downwardly downwardly  /ˈdaʊn wərd li/


  • (adv) spatially or metaphorically from a higher to a lower level or position



  1. There are a third of us who are in immediate danger of being downwardly mobile.
  2. This is a perk that Kurnia Riza, one of millions of downwardly mobile Indonesians, does not take lightly.
  3. Even the downwardly mobile Philadelphia lawyer of Shannon's Deal can still manage to take a first date out for a $172 restaurant meal.


  • Current account widens in first quarter

    WASHINGTON (Reuters) - The current account deficit widened in the first quarter to $106.1 billion, a government report showed on Friday. The Commerce Department said the current account deficit, which measures the flow of goods, services and investments into and out of the country, fell from a downwardly revised $102.3 billion in the fourth quarter. Most of the widening came from a drop in the U ...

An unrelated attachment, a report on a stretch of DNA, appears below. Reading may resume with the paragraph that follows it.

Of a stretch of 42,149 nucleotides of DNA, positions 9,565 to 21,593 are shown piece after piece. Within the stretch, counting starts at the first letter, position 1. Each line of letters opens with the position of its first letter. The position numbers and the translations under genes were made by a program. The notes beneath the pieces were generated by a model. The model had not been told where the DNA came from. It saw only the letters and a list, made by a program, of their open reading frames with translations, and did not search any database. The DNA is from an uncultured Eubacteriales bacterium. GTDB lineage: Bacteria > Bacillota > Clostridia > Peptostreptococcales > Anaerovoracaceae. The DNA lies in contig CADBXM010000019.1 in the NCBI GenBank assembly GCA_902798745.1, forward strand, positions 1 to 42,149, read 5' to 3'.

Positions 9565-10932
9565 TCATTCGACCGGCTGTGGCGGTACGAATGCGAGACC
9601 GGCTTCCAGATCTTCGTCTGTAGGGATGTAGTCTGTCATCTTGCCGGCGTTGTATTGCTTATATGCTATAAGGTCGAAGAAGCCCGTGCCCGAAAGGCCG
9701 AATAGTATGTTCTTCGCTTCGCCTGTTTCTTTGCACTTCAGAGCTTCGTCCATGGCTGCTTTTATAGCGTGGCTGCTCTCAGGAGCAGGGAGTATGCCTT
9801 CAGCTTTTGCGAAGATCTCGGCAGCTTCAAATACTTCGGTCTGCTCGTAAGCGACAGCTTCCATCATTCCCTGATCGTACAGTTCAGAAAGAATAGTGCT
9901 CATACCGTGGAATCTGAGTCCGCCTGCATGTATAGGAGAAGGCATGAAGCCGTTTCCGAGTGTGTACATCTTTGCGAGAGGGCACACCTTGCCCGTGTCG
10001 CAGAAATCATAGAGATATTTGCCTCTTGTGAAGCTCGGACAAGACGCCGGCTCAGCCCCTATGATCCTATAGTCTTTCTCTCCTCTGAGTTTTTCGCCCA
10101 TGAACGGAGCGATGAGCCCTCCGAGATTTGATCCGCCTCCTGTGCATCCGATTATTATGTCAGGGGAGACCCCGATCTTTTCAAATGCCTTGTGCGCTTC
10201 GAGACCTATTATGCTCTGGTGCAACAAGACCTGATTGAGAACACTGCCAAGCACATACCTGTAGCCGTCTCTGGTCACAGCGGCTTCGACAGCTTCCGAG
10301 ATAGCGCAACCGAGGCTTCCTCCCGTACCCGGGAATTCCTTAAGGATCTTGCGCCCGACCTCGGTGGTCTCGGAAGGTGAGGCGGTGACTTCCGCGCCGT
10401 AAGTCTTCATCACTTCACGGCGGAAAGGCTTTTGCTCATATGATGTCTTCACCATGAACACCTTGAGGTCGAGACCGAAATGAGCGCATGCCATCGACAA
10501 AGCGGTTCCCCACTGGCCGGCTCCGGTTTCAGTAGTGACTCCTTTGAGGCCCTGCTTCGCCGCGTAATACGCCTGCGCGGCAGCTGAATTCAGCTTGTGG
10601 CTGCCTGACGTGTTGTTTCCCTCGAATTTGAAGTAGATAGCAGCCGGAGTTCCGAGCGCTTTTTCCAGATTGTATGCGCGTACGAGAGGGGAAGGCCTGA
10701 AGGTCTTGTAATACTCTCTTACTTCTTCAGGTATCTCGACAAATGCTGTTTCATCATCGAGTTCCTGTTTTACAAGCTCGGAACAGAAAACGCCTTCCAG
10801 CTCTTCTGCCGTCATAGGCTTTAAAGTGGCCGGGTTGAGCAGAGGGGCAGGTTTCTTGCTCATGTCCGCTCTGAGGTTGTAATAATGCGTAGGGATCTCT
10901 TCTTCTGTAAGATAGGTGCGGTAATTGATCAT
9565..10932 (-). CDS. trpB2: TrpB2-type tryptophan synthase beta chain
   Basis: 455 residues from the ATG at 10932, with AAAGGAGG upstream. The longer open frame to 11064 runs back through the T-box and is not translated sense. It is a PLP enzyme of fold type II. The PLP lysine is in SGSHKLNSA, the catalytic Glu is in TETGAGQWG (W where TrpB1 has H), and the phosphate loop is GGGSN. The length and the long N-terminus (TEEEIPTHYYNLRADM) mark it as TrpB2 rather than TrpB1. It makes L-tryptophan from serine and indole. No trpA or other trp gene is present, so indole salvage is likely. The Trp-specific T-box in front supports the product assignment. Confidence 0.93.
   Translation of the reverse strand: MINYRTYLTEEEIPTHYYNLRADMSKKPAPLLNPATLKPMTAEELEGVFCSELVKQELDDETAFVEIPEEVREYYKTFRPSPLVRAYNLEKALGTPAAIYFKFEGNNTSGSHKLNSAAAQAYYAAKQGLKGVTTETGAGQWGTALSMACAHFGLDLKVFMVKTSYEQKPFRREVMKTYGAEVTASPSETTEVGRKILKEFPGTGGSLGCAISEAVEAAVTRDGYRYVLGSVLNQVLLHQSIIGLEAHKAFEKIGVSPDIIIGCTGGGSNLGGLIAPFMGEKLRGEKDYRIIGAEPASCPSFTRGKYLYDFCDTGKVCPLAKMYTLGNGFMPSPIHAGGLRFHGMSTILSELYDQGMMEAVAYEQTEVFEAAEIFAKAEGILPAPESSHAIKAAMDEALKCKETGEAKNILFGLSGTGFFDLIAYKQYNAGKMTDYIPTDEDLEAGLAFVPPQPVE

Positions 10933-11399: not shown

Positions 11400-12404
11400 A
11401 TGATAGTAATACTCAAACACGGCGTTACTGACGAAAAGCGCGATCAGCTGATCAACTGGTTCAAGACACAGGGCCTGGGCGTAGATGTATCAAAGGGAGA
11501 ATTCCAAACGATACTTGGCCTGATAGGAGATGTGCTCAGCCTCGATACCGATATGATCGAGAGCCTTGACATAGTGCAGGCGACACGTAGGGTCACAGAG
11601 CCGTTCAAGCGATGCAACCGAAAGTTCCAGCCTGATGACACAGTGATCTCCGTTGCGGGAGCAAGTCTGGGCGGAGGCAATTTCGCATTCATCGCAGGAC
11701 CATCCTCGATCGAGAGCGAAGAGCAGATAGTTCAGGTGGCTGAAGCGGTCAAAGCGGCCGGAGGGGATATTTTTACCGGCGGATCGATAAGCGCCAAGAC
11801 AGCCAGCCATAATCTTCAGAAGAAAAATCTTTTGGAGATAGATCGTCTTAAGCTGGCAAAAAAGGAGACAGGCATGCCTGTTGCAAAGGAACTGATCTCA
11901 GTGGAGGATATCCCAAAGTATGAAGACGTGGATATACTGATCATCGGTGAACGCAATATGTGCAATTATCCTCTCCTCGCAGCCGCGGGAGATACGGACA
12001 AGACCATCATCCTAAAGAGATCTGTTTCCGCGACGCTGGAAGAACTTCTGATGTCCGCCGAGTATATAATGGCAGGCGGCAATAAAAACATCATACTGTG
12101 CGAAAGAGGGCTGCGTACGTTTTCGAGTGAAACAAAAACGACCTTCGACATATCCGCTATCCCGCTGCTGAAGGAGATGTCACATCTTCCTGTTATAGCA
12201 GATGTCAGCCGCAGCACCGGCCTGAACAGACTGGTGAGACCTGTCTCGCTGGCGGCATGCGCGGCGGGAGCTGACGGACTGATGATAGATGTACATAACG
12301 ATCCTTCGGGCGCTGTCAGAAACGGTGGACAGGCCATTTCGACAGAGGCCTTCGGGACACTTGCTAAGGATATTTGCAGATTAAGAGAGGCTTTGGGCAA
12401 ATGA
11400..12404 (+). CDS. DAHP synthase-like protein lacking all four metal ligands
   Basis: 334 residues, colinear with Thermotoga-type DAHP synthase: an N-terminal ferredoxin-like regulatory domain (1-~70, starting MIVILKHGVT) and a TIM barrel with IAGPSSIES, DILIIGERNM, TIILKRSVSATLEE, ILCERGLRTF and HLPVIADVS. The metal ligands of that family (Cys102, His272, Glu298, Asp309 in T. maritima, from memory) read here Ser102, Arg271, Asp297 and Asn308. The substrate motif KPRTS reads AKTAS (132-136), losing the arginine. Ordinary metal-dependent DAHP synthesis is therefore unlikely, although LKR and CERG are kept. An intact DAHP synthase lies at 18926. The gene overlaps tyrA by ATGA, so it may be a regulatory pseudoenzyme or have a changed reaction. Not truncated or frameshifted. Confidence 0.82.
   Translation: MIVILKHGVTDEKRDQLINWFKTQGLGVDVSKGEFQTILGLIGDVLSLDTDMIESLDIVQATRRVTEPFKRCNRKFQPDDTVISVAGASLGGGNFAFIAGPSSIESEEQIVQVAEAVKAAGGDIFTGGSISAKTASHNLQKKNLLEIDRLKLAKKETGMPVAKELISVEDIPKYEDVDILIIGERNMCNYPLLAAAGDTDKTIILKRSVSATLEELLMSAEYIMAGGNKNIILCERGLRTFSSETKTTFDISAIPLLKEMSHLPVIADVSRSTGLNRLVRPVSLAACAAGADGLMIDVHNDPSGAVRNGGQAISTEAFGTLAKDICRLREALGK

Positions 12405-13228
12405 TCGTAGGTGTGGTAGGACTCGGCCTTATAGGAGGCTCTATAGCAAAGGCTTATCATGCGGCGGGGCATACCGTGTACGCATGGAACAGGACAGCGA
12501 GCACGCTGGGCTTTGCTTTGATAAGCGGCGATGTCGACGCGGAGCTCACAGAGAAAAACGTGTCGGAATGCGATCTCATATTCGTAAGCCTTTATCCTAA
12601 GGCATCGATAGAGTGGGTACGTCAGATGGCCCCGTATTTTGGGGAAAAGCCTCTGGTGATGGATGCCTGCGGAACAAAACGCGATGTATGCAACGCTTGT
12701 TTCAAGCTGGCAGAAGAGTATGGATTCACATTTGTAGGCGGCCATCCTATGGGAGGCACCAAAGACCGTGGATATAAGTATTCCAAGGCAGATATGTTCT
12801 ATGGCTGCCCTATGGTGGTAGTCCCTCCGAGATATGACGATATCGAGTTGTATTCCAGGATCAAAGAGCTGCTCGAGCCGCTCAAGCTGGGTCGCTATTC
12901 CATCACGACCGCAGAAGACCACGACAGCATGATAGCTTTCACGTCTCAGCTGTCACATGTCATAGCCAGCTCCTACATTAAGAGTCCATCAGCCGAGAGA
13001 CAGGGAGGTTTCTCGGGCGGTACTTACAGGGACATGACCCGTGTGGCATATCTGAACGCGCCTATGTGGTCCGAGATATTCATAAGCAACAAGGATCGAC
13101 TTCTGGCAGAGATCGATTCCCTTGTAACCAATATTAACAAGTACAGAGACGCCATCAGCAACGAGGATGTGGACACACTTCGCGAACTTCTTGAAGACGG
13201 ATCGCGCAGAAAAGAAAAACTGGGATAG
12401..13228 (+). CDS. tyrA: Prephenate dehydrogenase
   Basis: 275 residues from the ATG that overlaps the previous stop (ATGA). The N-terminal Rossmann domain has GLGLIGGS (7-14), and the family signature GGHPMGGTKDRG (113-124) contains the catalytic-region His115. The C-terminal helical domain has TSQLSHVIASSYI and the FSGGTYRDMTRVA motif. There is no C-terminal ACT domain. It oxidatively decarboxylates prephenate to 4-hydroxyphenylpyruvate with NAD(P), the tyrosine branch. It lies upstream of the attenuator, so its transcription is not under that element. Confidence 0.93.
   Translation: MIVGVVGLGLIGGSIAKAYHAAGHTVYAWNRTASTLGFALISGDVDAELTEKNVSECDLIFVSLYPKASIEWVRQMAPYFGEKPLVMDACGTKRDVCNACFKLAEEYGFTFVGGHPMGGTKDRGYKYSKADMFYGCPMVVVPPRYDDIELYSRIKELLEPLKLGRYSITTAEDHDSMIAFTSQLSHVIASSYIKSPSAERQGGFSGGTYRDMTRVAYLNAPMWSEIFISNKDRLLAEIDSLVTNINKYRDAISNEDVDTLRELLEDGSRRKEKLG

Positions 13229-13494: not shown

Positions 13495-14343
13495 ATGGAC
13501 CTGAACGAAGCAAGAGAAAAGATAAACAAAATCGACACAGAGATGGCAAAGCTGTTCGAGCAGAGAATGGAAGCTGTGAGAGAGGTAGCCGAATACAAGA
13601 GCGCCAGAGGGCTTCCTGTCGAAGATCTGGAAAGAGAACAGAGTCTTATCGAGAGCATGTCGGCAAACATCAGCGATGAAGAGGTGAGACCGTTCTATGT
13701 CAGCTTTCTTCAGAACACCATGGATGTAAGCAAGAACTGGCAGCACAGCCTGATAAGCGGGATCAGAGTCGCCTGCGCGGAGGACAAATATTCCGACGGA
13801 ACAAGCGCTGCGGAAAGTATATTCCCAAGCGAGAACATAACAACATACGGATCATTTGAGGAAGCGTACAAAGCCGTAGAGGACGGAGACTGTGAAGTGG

on June 14, 2013     Source: Reuters via Yahoo! News


  1. "If it says anything, it's an underscore of the notion that football is very important at Notre Dame and the competitive expectations are not downwardly negotiable," White said.
    on Nov 30, 2004 By: Kevin White Source: WTHR

  2. "In normal times, the yield curve should slope upwards," says David Kelly, senior economic adviser at the Boston money manager Putnam Investments. "A downwardly sloping yield curve is ominous."
    on May 30, 2005 By: David Kelly Source: Bloomberg

  3. "My whole career has been downwardly mobile, but that's very high praise for what I do," Finke says.
    on Nov 26, 2007 By: Nikki Finke Source: Bloomberg

Word of the Day
untenable untenable
/ən ˈtɛ nə bəl /